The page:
Airports

Published on February 24th, 2019 | by Mark Dwyer

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Loganair Save City of Derry-Stansted Route

Image above with thanks to Inverness Aviation Photography.

Loganair is to take over Bmi Regional/flybmi’s PSO route City of Derry-Stansted following the collapse of flybmi.  The route will resume on Wednesday 27th February, with Loganair using a 49-seat Embraer 145 jet aircraft. The collapse of flybmi came just two days after the UK Transport Secretary confirmed the PSO contract with flybmi for operating City of Derry-London Stansted would be renewed for a further 2 years, until 10th May 2021, maintaining 13 rotations per week on a 49-seater aircraft.

Bmi Regional/flybmi closed all services abruptly on Saturday 16th February and went into administration.  It said “The airline has faced several difficulties, including recent spikes in fuel and carbon costs, the latter arising from the EU’s recent decision to exclude UK airlines from full participation in the Emissions Trading Scheme. These issues have undermined efforts to move the airline into profit. Current trading and future prospects have also been seriously affected by the uncertainty created by the Brexit process, which has led to our inability to secure valuable flying contracts in Europe and lack of confidence around flybmi’s ability to continue flying between destinations in Europe. Additionally, our situation mirrors wider difficulties in the regional airline industry which have been well documented”.

flybmi operated 17 Embraer-135/145 regional jets to 25 European cities; the airline handled 522,000 passengers on 29,000 flights in 2018. It employed a total of 376 employees based in the UK, Germany, Sweden and Belgium.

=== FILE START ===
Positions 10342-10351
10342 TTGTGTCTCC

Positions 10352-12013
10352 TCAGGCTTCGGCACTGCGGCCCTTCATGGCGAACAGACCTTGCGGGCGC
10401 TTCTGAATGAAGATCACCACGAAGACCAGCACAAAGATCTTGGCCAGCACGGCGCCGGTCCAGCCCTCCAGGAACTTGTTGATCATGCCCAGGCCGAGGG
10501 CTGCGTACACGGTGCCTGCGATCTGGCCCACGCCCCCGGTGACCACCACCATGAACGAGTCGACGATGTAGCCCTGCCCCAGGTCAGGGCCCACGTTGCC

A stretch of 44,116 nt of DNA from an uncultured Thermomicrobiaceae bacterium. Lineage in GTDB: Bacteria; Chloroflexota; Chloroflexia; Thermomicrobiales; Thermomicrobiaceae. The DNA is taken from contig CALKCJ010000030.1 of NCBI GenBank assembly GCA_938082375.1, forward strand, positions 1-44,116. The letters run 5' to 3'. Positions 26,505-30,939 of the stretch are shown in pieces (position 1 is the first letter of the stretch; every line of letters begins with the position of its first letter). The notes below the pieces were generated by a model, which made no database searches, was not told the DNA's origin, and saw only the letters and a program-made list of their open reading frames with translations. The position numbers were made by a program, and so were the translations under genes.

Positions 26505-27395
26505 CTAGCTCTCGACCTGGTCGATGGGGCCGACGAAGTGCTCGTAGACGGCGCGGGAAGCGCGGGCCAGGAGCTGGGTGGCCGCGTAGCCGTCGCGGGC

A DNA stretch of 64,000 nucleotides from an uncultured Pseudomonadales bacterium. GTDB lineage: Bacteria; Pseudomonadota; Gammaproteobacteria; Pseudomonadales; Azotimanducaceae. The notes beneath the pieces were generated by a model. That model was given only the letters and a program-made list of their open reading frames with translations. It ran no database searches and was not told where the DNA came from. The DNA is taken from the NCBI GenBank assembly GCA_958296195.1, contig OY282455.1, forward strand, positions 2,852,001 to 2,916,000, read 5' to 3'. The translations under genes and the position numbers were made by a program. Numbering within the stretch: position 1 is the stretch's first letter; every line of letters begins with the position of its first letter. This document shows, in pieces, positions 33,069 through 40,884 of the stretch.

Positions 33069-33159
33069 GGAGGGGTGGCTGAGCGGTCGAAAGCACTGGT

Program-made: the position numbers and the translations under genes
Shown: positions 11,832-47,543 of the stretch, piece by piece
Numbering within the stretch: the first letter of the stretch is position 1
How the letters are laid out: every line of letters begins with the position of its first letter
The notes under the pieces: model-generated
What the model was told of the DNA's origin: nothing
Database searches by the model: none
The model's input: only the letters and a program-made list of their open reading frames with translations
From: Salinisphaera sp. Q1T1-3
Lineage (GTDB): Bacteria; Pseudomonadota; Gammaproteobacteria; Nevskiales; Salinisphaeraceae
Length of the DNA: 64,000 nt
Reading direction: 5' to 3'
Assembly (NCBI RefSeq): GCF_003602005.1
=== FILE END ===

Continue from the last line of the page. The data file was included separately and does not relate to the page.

Ryanair cancelled it Derry – Glasgow route in 2018

Loganair is the sister airline of flybmi, being owned by the same shareholder, Airline Investments Ltd. In a statement released by Loganair, the company said “The two airlines are separate businesses, operating separate aircraft fleets on their own distinct route networks.  As such, the closure of bmi Regional – which flew Embraer Regional Jet aircraft on routes throughout 12 European countries – has no impact on Loganair’s continued operation, which predominantly uses turboprop aircraft on routes within the UK and in particular to, from and within the Scottish Highlands & Islands. The same challenges that have led to bmi Regional ceasing operations, including uncertainty around intra-European traffic rights post-Brexit, do not impact Loganair’s business.”

Loganair was the logical airline to take over the flybmi routes. In addition to saving the Stansted route, it will also launch a route to Manchester from 24th May operating six times per week. This route had previously been announced by flybmi. The airline will also take over three routes from Aberdeen and two from Newcastle.

  • Aberdeen to Bristol (commences 4th March)
  • Aberdeen to Oslo (commences 4th March)
  • Aberdeen to Esberg (commences 4th March)
  • Newcastle to Stavanger (commences 25th March)
  • Newcastle to Brussels (commences 25th March)

The loss of the City of Derry – Stansted route would have put the viability of the airport at risk. Last year Conservative Party Coleraine councillor David Harding called for City of Derry Airport to close because it is a “colossal waste of money…We need to see funding focused on roads, both completing the dualling of the A26 to Coleraine and pressing on with the huge task of upgrading the A6 [Belfast-Derry]”. City of Derry Airport is owned by Derry City and Strabane District Council.

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About the Author

Mark Dwyer

Mark is an airline pilot by profession flying the Boeing 737 for a major European airline. In addition he is also a Type Rating Instructor on the B737. Outside of commercial flying Mark enjoys flying light aircraft from the smallest 3 Axis microlights up to heavier singles. He also instructs on them including tailwheel differences training and is a UK CAA Examiner. He also flies the Chipmunk for the Irish Historic Flight Foundation (IHFF). Mark became the Chairman of the National Microlight Association of Ireland (NMAI) in 2013 and has overseen a massive growth in the organisation. In this role he has worked at local and national levels. In 2015, Mark won ‘Upcoming Aviation Professional Award’ at the Aviation Industry Awards sponsored by the IAA. Mark launched this website back in 2002 while always managing the website, he has also been Editor and Deputy Editor of FlyingInIreland Magazine from 2005 to 2015.



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